Mortenson Construction’s John Wood is a “master of communication,” says Earl Santee. “I rest a little easier when we have John on a project,” adds Rick Martin.
These are the voices of two senior principals with a prominent sports architect: Populous, Kansas City, Mo. Praise for a builder from architects is rare in the high-pressure sports market, in which designers and builders on the same job often act as if they are on rival teams.
The respect for Wood, who led Minneapolis-based Mortenson into sports construction two decades ago, is based on experience. Santee headed up the design team for Minneapolis’s Target Field, a $545-million ballpark for baseball’s Minnesota Twins that opened last April. The job, which was bedeviled by a tight site crisscrossed by active railroads and hemmed in by roads, was substantially complete in late 2009, an astounding three months-plus before the first ball game.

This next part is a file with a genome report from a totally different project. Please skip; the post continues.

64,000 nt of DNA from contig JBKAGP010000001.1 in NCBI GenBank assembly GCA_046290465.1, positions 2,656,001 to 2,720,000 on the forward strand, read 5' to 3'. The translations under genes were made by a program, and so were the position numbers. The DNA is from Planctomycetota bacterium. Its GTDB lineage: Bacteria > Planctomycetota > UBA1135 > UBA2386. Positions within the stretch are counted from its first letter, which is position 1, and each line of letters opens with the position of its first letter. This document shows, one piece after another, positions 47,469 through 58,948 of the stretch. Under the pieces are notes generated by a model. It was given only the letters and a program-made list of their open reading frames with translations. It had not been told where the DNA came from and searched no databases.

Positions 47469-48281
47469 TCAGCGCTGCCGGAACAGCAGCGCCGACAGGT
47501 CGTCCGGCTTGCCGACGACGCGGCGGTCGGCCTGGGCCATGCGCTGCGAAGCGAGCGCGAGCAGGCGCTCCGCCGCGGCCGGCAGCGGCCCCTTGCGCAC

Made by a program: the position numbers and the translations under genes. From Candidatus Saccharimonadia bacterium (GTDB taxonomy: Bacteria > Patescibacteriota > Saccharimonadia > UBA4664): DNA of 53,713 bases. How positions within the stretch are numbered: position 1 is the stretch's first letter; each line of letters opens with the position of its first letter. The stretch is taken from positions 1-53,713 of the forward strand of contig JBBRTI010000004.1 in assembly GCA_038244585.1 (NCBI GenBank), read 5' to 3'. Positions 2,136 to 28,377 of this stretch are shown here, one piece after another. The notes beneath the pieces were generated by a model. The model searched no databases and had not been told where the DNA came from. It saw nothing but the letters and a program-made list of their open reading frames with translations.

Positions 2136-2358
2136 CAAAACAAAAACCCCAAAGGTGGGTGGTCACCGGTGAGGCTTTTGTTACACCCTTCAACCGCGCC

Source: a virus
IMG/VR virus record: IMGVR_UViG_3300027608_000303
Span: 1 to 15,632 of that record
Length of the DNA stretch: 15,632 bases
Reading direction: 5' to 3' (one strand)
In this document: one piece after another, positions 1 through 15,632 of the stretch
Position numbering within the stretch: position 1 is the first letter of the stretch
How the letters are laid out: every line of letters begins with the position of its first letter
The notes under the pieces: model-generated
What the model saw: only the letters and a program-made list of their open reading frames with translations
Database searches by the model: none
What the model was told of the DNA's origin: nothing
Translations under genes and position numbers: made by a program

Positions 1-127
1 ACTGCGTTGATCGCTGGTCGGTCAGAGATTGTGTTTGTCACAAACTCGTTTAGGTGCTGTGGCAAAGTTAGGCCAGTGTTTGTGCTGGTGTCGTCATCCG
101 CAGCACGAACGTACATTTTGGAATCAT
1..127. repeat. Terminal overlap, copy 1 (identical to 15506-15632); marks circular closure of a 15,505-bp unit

Target Field was bid during a time of constant flux in the market because of the Interstate-35 bridge collapse. “John overcame that hurdle,” says Santee.
Wood says use of virtual design and construction tools aided the job. He also credits his senior superintendent, Dave Mansell, for the team’s achievements.
Martin worked with Wood, a Mortenson senior vice president, on the $250-million Louisville Arena, finished in September. Jim Host, chairman of the Louisville Arena Authority, says “the secret to Mortenson’s success is its extremely disciplined top management, led by Wood.”
“Sports projects are big and tough,” in the public eye and demand top management involvement, says Wood. “We’ve not allowed ourselves to get overextended.”